“Justice delayed is justice denied” this was the statement which echoed in my ears for a million times when I was studying political science in college.
Indian judiciary system is weak in terms of closing a case rather “giving justice” to the required. One reason why I backed out from studying law would be this…. How can you delay a verdict and let go the victim who has committed a brutal crime like rape or murder???
There’s no punch in our judiciary and that’s the reason our politicians think that they can manage the judicial system and decide on the case themselves.Anyways who’s going to get affected if someone’s convicted or let go freely except for the victim and their families??? India with such a huge population has become lethargic and lay back in terms of handling criminal cases and activities. Latest examples would be the Jessica lal case where the case is hanging out even now after 10+ years of her murder.Thanks to the media and various voluntary organizations that Priyanka Mattoo’s case is coming to an end after so many years.If someone really wants to do a reality check on the efficiency of our legal system kindly ask the families of Priyanka Mattoo and Jessica lal’s families. This would be a major disadvantage of our country being democratic and legal system which believes in giving a fair share to everyone before the conclusion. Why do Supreme authorities have to give a fair chance to the accused when all the evidences stand against them????
Today I really appreciate the Delhi High court for breaking the monotony and convicting the guilty very soon. Least one can do is to wait for justice to prevail but what’s use of justice when its delayed so long that people have forgotten who’s Jessica lal or Priyanka Mattoo???Will we get to see something like this with Jessica lal's Case too???
Mattoo verdict: Can the activist media take a bow?
New Delhi: The Delhi High Court verdict in the Priyadarshini Mattoo rape and murder case has come as a shot in the arm for those campaigning for justice in other similar cases, notably the high-profile Jessica Lall murder trial and the Nitish Katara case.
While the conviction of Santosh Kumar Singh has raised hopes for the Lalls and the Kataras, it has also given the Indian media a day in the sun, bringing into sharp focus its role as a watchdog. While many criticised what they described as “trial by the media” in the three high-profile cases, it’s generally agreed upon that media campaigned almost as relentlessly as the victims’ kin themselves.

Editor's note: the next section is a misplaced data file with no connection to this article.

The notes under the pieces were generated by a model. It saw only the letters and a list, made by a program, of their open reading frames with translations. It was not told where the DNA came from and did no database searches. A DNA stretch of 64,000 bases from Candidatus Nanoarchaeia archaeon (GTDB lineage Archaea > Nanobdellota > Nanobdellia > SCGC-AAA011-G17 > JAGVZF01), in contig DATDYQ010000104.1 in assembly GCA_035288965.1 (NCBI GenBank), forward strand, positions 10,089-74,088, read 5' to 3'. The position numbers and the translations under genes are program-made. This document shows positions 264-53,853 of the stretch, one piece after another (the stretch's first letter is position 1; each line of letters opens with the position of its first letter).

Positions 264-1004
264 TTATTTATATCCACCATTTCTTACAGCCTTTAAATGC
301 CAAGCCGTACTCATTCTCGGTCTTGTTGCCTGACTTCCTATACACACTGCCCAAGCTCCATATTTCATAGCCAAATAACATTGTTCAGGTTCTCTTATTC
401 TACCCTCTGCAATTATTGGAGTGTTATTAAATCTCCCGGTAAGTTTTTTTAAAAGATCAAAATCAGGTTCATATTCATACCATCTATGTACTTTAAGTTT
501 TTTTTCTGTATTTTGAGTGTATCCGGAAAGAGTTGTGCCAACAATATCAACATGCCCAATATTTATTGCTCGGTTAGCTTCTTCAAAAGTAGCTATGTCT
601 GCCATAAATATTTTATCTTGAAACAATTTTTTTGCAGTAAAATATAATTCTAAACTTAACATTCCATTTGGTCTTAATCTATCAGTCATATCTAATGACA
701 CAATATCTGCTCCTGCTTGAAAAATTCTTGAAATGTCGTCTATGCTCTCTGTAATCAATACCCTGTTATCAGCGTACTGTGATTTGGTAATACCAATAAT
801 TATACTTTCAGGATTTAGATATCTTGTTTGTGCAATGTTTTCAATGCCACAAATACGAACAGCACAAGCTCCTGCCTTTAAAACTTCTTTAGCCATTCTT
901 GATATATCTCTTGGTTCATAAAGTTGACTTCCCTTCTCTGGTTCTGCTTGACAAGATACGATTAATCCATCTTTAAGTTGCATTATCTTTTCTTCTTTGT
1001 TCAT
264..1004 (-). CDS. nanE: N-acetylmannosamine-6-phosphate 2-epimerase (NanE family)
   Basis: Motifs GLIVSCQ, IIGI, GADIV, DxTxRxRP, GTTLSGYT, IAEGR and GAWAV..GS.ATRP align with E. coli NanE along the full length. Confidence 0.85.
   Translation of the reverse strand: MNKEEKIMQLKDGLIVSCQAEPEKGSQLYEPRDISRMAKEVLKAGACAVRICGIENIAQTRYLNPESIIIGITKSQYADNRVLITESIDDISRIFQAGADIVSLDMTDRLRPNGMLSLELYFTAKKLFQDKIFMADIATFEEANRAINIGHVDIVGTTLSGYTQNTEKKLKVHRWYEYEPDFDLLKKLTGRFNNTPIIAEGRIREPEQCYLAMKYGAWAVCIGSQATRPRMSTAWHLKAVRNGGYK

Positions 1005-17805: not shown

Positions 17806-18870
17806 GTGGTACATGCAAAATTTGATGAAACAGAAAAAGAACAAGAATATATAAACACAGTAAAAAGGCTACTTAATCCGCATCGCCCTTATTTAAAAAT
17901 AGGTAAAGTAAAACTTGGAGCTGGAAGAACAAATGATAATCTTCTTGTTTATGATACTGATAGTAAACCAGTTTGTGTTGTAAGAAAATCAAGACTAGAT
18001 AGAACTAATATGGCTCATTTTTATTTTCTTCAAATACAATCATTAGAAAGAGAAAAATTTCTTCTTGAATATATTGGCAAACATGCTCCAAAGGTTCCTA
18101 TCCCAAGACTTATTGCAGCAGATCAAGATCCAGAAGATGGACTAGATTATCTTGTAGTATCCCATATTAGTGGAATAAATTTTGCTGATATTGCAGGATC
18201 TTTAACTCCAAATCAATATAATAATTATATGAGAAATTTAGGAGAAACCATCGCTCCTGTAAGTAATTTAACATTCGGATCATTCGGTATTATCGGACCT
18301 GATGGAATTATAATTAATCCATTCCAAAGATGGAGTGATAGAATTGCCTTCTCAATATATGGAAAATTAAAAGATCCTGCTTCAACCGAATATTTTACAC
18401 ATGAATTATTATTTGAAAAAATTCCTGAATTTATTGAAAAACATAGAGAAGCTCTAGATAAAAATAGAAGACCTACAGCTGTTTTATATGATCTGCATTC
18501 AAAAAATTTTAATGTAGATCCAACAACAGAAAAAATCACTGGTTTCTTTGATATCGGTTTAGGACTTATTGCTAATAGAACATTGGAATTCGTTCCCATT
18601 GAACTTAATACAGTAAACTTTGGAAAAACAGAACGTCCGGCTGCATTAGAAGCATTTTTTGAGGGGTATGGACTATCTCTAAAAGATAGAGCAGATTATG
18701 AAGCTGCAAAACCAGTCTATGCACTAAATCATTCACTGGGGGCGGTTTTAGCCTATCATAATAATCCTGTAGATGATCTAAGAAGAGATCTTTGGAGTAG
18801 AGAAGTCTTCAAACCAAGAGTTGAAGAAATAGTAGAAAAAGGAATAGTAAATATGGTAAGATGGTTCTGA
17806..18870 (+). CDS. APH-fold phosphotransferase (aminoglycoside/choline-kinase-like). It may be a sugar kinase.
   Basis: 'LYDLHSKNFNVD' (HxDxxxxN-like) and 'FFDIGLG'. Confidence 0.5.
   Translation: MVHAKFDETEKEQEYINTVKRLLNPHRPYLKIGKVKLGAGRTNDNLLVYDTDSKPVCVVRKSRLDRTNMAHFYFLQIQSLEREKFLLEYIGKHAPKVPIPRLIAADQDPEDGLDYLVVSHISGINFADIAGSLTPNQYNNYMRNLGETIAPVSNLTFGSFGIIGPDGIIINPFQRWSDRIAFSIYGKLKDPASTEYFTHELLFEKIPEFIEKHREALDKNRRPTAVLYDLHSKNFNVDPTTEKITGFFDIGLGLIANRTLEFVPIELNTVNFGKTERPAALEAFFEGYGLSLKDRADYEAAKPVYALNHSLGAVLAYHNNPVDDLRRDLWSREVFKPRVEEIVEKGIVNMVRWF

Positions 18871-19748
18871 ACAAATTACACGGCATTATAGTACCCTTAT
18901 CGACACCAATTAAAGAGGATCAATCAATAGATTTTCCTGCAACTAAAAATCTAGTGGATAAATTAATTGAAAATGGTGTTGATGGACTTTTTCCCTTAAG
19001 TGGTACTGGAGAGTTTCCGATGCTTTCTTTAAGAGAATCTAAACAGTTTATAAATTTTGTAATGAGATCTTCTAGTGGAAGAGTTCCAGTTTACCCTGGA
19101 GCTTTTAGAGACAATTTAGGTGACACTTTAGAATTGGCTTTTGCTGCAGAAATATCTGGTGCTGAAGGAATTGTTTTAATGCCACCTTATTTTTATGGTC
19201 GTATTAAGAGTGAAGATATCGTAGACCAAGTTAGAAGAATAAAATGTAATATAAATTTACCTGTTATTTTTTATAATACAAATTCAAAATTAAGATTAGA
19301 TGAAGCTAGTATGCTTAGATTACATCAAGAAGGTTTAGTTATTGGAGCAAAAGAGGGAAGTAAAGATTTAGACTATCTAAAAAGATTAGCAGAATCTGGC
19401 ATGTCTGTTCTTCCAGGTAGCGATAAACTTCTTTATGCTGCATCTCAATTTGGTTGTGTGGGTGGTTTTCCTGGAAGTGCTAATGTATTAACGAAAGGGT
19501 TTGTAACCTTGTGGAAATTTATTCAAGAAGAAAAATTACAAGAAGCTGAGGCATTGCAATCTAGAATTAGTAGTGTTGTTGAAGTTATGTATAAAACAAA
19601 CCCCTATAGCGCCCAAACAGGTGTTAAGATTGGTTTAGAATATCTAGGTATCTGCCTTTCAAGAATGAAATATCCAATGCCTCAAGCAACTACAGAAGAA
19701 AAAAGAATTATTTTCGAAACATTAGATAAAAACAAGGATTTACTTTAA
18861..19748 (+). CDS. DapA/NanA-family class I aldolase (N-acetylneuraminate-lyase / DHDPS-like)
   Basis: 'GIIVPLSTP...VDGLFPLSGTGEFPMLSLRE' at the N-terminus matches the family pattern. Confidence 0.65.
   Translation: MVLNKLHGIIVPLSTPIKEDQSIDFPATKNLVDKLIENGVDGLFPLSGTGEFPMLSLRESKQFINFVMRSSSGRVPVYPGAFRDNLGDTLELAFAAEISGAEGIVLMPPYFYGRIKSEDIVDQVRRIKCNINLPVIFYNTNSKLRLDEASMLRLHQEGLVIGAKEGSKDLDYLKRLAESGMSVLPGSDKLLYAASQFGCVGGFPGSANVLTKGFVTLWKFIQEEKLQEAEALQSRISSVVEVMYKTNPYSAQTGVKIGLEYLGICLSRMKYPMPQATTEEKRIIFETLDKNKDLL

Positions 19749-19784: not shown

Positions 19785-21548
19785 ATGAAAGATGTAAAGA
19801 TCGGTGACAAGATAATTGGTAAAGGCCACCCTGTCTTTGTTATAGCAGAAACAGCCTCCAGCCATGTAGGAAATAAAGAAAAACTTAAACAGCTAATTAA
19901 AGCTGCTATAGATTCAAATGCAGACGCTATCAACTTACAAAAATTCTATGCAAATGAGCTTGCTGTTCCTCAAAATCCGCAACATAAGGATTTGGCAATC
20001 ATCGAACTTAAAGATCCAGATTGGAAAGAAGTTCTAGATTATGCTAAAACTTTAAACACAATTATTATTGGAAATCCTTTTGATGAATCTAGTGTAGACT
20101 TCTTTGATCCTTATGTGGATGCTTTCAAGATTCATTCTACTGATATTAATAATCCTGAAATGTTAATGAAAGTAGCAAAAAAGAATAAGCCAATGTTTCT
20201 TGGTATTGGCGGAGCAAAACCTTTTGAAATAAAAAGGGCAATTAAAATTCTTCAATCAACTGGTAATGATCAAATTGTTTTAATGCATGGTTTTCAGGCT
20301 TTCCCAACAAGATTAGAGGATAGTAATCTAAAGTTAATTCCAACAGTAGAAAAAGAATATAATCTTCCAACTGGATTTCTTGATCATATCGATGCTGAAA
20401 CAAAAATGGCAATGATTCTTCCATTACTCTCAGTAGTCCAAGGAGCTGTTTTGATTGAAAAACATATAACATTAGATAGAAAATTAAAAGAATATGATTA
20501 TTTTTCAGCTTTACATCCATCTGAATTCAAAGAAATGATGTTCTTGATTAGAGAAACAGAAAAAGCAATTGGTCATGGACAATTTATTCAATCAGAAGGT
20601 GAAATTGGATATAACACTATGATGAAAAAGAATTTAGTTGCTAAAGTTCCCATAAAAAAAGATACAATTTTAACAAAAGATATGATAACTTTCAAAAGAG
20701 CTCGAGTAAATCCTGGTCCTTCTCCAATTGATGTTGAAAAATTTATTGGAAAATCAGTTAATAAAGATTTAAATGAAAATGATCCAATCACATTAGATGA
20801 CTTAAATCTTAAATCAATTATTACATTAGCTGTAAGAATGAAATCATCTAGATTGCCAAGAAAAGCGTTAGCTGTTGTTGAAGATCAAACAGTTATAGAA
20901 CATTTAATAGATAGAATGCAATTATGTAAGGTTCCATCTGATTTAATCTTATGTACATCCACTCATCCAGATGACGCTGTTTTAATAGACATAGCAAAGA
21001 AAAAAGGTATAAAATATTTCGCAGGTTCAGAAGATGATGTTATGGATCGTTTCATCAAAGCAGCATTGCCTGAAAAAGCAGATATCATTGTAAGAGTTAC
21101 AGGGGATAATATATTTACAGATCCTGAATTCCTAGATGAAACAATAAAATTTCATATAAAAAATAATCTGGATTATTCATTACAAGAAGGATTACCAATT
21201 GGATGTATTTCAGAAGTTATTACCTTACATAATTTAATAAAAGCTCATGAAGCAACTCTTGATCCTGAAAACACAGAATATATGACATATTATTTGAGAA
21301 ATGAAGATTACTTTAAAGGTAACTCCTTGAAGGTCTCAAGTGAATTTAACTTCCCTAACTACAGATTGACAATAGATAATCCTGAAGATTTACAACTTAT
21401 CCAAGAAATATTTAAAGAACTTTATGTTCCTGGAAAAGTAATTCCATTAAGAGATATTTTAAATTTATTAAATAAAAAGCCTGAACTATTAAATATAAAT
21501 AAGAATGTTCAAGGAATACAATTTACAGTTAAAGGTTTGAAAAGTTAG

It has also made the ardent critics of media sit up and take notice. For once, they have a tough question to answer: had the media not taken up Mattoo case, would the results have been the same?
No, believe many veteran journalists.
"Without media, I don't think the so-called conscience of judiciary would have woken up. It took six years for the judiciary, what happened in the intervening years?" asks Editor-in-Chief of news weekly Outlook, Vindo Mehta.
Both Jessica Lall's sister Sabrina and Nitish Katara’s mother Neelam are now hopeful that justice will not be denied to their wronged kin.
"In a democracy, it’s very important for people to know what’s happening and how people are suffering. The media has played a very important role and I would like to thank the media," says Neelam Katara.
While campaigners for justice in both cases rallied on streets, took out candle-light marches and started mass SMS campaigns, media brought the raging debate into millions of living rooms.
In fact, CNN-IBN tracked down the key witness in Katara case Bharti Yadav in London - something the Delhi Police and the Indian Government could not manage in the last four years.
“Judiciary is shocked by what the trial court judge in the Priyadarshini case said, so this is a historical judgement,” says an activist Aditya Raj Kaul.
While journalists would hesitate calling it trial by media, this is one conviction likely to set a precedent for other cases.